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A Crime Against Art: The Isabella Stewart Gardner Art Heist

When you decide to go to an art museum chances are you are not going for a chance to look at empty frames. But for over 30 years that has been the case in certain galleries at the Isabella Stewart Gardner Museum in Boston. That was not always the case, however. Thirteen pieces were stolen one night and they have never been seen since. The museum was the brainchild of Isabella Stewart Gardner, who was born into a wealthy family in 1840 in New York City. At just shy of 20 years old she married John Lowell “Jack” Gardner II and the couple moved to a fashionable neighborhood of Boston, living in a house on Beacon street that was a wedding gift from her father. The couple had a son, John Lowell Gardner III, but he tragically died before he reached his second birthday from pneumonia. Following the loss of their son the couple began their travels around the world in an attempt to ease Isabella’s depression. Their trips to Northern Europe, Russia, Egypt, the Middle East, and Asia over the next decades were all documented in journals that Isabella kept. On one such trip, this time to Italy, the Gardners spent time around many figures active in the art world in the late 1800s. It was in her time with these figures, many American and English expats, that she became inspired to create her own art collection.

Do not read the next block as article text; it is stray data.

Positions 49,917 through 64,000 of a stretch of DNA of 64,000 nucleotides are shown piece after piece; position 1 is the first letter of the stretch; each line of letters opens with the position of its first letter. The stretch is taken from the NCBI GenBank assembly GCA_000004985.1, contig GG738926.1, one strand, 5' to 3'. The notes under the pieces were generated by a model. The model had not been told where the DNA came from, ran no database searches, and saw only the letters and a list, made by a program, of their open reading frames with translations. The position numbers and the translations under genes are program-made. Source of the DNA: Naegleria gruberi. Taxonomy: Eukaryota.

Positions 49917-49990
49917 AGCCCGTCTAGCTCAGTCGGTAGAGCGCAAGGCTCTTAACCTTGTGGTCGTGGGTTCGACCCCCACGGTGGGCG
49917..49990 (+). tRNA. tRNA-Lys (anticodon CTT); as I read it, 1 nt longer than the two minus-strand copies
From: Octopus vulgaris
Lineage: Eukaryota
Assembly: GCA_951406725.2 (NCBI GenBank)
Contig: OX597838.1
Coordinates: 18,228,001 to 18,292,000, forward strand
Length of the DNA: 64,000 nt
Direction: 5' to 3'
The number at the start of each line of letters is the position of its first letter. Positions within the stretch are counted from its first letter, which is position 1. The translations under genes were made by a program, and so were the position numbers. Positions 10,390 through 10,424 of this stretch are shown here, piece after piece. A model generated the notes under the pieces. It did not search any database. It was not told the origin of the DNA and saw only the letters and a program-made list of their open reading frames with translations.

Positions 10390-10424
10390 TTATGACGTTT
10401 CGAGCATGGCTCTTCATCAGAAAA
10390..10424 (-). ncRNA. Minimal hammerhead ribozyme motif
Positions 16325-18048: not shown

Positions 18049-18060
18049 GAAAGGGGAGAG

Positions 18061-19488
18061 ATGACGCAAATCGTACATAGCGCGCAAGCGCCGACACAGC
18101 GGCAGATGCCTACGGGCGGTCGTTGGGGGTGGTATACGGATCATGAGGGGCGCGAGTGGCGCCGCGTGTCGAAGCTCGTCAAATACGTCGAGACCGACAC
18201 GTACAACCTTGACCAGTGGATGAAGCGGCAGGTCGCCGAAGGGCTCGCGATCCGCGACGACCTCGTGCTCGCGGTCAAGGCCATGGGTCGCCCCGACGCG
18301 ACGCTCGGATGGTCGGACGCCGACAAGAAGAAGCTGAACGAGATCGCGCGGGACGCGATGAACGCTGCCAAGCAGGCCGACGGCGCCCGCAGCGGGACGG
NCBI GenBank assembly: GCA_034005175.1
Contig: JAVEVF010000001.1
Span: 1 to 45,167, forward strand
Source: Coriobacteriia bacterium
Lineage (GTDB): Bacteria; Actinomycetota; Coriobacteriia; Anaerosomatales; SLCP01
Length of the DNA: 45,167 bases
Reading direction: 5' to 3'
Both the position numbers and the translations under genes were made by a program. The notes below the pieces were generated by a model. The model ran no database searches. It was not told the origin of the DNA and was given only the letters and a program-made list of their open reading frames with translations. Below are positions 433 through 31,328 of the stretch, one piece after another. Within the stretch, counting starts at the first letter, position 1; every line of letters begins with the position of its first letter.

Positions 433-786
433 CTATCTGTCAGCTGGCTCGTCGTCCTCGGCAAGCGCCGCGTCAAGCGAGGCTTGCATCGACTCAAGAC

Isabella Stewart Gardner in 1888, Public domain, via Wikimedia Commons

Back in Boston in 1886 Isabella became the acquaintance of a Harvard student named Bernard Berenson who would eventually become her top art advisor and help her to acquire a great deal of her personal collection. One such piece of the collection acquired by Gardner was Vermeer’s The Concert, bought at auction for $6000, or the equivalent of just under $200,000 today. Just a year before the turn of the century, Jack passed from pneumonia. However, he and Isabella had been planning on purchasing land in Boston and building a museum to house their growing art collection and she continued on with those plans. The four-story museum, complete with a large courtyard garden, took two years to complete and she then moved into the private living space on the top floor with the lower floors dedicated to gallery space for her collection. Throughout the next 20 years Isabella Stewart Gardner continued collecting art and updating her collection of paintings, tapestries, sculptures, manuscripts, rare books, and more. After her death in 1924 she left an endowment to ensure that the museum would stay open for the public to be able to view the masterpieces that she dedicated her life to collecting. Her stipulations for this endowment were simple. The galleries should stay the same allowing for no new pieces to be acquired or existing pieces to be sold. All went according to plan for the next 65 years.

Willard Sears, Isabella Stewart Gardner Museum planning sketch, watercolor on paper, Courtesy Isabella Stewart Gardner Museum